It’s interesting that Ganges Art Gallery calls its current exhibition — on till June 10 — Objects, referring in the concept note to Stephen Greenblatt and his classification of responses to objects in terms of wonder and resonance. What the viewer may wonder at is wonder itself, at least in the sense Greenblatt described it. Plentiful in the Renaissance era, the ‘wow factor’ in encounters with things and events has been steadily devalued, particularly in the context of the gratuitous exotica alien cultures are expected to offer to the jaded Western eye.
But the exhibition does indeed remind viewers that works of art are objects, though what objects are deemed art may sometimes seem arbitrary with modern artists from Picasso and Duchamp to Warhol and Rauschenberg proving the ‘artworthiness’ of trivia. The language of junk has, of course, been further extended by the likes of Cornelia Parker, Sue Webster and Tim Noble. However, the focus in this show, specifically, seems to have been on work that makes use of objects and that which incorporates their images instead of the objects themselves. There are thus two clear categories.
US-based artist Nandini Chirimar belongs to the first. She returns to her roots in search of objects imbued with cultural meaning. With resonance, that is. But it is the basic “thingness” of things that the artist seeks to extract from their social accretions. The sensuous totality of their shape, texture, colour and pliability. So the sacred thread, the janeu, shorn of its role of signifier, is reduced to an element in Chirimar’s art, leaving delicate, tactile, fluid patterns on the paper, combined with wicks, twigs and pencil sketches.
|Objects of worship VII by Nandini Chirimar
Similarly with bangles, the “round sound makers…..worn so you will hear of my arrival”, as an accompanying line says. The ‘roundness’ is their basic shape prised out of cultural moorings but the rest of the line immediately invests them with allusions all Indians are familiar with. Chirimar’s real appeal lies in the finely-woven mise en scène she conjures with disparate patterns and material.
However, objects imported without creative imagination will remain superfluous as playing cards are in Partha Shaw’s Game of Life. Yet, the heaving density of its chequered layout effectively evokes a claustrophobic cityscape. Anita Gopal’s Eye-catcher, a mixed media assemblage, primarily of different types of paper, boasts of a kind of extravagant poise.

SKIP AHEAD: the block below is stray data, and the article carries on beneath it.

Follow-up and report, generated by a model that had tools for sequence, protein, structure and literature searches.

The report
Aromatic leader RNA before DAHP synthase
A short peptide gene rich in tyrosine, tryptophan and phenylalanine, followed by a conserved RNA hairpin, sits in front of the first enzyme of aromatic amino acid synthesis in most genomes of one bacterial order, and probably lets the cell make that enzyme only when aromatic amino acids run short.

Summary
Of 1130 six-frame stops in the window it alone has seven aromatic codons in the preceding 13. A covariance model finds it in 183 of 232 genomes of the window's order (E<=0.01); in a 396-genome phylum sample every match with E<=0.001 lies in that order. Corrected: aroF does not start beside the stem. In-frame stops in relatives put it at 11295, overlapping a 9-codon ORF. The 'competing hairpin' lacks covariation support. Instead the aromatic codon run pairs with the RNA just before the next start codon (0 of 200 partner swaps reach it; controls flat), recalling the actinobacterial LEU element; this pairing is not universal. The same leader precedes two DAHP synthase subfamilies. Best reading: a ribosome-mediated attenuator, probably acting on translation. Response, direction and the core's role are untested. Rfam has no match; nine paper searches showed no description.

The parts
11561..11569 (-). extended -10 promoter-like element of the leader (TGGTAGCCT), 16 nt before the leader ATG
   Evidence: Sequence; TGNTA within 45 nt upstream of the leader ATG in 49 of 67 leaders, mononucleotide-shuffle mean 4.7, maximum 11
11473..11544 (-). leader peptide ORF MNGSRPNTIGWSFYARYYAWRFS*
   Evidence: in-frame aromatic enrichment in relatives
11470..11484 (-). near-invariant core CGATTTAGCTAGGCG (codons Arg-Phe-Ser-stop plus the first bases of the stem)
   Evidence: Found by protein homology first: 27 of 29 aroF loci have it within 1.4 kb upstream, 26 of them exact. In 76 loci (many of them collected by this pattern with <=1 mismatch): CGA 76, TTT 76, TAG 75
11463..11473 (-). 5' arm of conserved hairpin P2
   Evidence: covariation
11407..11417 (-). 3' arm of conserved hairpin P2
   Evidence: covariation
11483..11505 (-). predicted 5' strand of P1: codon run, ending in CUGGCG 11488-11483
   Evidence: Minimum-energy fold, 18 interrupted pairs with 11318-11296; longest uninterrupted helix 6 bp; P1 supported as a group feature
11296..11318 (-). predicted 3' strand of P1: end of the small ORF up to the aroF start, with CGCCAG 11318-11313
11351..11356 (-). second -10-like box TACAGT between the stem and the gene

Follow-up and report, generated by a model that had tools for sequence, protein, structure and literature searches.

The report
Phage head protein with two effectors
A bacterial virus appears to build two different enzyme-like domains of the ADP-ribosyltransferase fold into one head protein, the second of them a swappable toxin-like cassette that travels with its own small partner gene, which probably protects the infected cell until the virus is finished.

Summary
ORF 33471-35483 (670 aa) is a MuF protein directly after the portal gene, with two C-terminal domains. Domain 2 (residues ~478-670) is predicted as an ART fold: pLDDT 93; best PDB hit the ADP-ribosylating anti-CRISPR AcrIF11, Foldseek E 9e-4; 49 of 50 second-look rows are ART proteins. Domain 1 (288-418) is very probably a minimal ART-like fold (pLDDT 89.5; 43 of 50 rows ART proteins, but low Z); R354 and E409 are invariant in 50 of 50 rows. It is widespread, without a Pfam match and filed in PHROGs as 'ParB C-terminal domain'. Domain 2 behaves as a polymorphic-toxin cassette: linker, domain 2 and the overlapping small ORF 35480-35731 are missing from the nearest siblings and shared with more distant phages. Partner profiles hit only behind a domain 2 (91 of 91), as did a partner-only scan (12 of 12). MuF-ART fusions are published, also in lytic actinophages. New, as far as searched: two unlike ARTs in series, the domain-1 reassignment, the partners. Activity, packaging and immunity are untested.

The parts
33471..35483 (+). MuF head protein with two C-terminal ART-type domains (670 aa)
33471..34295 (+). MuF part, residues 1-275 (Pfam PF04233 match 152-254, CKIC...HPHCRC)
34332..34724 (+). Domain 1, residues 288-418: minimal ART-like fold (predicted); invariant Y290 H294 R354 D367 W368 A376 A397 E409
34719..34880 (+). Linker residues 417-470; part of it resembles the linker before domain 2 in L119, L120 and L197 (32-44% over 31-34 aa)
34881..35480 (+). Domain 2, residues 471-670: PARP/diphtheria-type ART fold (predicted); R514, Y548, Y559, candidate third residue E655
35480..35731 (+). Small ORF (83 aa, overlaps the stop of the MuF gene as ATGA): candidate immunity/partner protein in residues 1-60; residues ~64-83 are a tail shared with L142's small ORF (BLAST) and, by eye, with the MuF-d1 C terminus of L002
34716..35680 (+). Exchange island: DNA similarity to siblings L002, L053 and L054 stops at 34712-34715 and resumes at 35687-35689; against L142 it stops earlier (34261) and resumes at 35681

But the real eye-catcher is the found kantha Paula Sen Gupta has worked upon with serigraphy, embroidery and appliqué, called Birangana. Hung up to reveal both sides, it counterpoints the innocence of quaintly gauche images of railway carriages with lethal weapons. The conflicting signals speak of a fractured narrative, an aborted fantasy. You can see why: the name refers to the Bangladesh war of liberation in which women were tortured and raped and were later hailed as birangana by Mujibur Rahman, according to the exhibit note.
The theme of war and violence continues in her series, Gallery of Anxiety. To depict the looming threat of war, the artist uses two layers. The bottom is of paper with wryly stylized images in etching and aquatint: hand grenades, missiles, guns and so forth, military hardware belching folkish curlicues of smoke. On top is the acrylic sheet of the box frame with serigraphic hills and trees, an idyll disrupted by soldiers, helicopters, dying men, all of it induced by the gallery lights to cast dark shadows on the paper below. The litter of references may not always be clear but the irony in a phrase like ‘war without permit’ certainly is.
Tapati Chowdhury’s sketch of overlapping chairs is understated in treatment. Placed against a vertebral column, the chairs and, what looks like a foot stool, take on a somewhat chilling sense when you notice the title, Deposition, which may bring arduous hours of interrogation to mind. But the viewer will delight in Avijit Mukherjee’s untitled work. It’s a suite of 20 ink sketches of spry, playful whimsy and inspired child art forms, doodled with spontaneity but in an unerring hand. Safety pins, pricking all kinds of objects, are recurring motifs, sometimes glimpsed through a ‘window’ cut in the paper surface, while scribbles of birds and animals and patterned terrains come tumbling out of a buoyant imagination.
Mahjabin Majumdar’s surrealist phrases — like a deer with eyeless sockets through which pass strings of pearls — appear self-conscious in their solipsistic romanticism. But the meticulous depiction gives a palpable individuality to the objects here, the pearl strings. And Nantu Behari’s sculpture of a bloated head is rather usual but for the surface of tiny, receding craters.